He cites many other cases from his community of Bengali fishermen to allege that only those who bribe NADRA officials can get their CNICs renewed. The going rates vary widely — anywhere between 5,000 rupees at the lower end of the spectrum and 30,000 rupees at the higher end, say welfare activists working with Bengalis living in different parts of Karachi.
Those who cannot afford to pay the bribes are turned away, a local man in his thirties says as he listens intently to Khairuddin’s plaints.
Machar Colony (fishermen’s colony in English) is one of the largest, and also one of the most unkempt, slums of Karachi. Fenced between a rail track and Mauripur Road to the north and the Arabian Sea to the south, it has an approximate population of 85,000, according to the Pakistani Bengalis Action Committee, a community mobilisation group. Around 75 per cent of its residents are believed to be Bengali, the committee says.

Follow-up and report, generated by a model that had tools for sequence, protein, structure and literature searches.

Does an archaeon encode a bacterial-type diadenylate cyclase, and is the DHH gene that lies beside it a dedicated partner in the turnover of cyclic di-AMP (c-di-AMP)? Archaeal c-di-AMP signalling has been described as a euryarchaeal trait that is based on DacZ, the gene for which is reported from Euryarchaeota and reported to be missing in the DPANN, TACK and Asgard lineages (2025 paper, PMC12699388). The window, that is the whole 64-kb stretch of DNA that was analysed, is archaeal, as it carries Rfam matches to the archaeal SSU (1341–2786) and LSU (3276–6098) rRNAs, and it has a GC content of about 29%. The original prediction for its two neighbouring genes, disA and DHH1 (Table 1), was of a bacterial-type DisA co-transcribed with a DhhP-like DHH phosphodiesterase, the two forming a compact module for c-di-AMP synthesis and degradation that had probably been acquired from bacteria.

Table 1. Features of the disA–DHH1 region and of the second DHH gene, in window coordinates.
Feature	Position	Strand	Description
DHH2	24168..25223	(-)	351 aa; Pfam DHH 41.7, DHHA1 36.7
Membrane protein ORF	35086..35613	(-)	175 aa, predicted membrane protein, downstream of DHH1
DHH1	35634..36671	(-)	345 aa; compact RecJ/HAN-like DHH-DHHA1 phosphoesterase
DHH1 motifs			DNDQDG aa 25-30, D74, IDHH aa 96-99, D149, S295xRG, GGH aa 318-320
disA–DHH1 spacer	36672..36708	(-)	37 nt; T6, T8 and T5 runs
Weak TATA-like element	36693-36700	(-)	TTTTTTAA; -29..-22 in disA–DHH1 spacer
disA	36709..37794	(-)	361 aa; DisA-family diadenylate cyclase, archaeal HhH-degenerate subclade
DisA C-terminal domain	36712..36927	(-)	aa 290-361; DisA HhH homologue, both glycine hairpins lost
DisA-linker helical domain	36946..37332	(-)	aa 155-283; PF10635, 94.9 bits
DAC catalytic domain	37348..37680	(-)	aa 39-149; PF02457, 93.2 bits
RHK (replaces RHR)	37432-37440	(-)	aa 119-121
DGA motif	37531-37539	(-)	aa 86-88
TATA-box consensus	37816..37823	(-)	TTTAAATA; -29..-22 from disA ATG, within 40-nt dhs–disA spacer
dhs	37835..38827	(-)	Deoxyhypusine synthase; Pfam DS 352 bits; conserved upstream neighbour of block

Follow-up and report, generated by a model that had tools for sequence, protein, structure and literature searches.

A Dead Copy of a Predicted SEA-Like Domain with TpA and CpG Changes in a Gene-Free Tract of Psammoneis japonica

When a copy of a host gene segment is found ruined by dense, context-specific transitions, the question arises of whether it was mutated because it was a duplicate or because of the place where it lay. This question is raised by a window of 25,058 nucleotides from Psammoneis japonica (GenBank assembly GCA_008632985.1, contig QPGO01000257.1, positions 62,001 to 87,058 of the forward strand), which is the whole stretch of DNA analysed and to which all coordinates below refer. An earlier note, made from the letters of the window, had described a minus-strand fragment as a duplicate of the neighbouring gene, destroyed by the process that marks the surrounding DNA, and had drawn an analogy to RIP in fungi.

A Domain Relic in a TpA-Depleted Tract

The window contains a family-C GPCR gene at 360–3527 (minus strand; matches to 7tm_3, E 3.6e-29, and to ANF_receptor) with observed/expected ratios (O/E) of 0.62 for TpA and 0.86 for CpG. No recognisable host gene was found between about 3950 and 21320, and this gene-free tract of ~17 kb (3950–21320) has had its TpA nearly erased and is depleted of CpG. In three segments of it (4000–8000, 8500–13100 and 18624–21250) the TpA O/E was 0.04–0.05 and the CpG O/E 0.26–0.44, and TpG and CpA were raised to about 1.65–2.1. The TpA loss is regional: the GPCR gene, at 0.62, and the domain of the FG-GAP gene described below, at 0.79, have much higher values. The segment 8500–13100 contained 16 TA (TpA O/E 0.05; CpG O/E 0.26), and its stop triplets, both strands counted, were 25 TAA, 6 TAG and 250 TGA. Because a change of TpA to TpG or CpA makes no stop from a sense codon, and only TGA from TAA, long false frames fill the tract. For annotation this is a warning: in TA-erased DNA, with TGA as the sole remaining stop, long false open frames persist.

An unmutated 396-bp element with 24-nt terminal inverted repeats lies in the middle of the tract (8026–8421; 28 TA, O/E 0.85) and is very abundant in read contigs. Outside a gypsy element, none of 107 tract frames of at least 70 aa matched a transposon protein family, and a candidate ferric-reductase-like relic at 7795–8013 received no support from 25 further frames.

Uneven, dirt-filled streets wind along tiny houses in Machar Colony. Heaps of rubbish are strewn everywhere. A horrible stench – the combination of moist sea wind, rotting fish, sewage flowing through open drains and occasional smoke emitting from smouldering mounds of trash – engulfs the neighbourhood.
On a Saturday last month, about 15 women are gathered in a compound inside Machar Colony. Each of them is accompanied by her children, some as young as four years of age. Heaps of shrimp, interspersed with layers of ice to protect them from rotting, are placed in front of each family.
Working under a hutment made of discarded wood and dried plants, they are peeling the skin off shrimp and putting them in baskets lying next to them. The compound’s floor is wet. Water, poured over shrimp to wash them, and ice melt have mixed with dirt to produce a smelly slush.
Fatima, a middle-aged Bengali woman, is sitting on a wooden plank inside the hut, cutting and peeling shrimp with help from her three small children. They all work with clockwork regularity.
A small bowl beside her carries tokens resembling poker chips. These tokens bear the name of a local fish processing company that she works for. The company gives her one token worth 50 rupees for every bucket full of shrimp (weighing about 15 kilogrammes) that she and her children peel.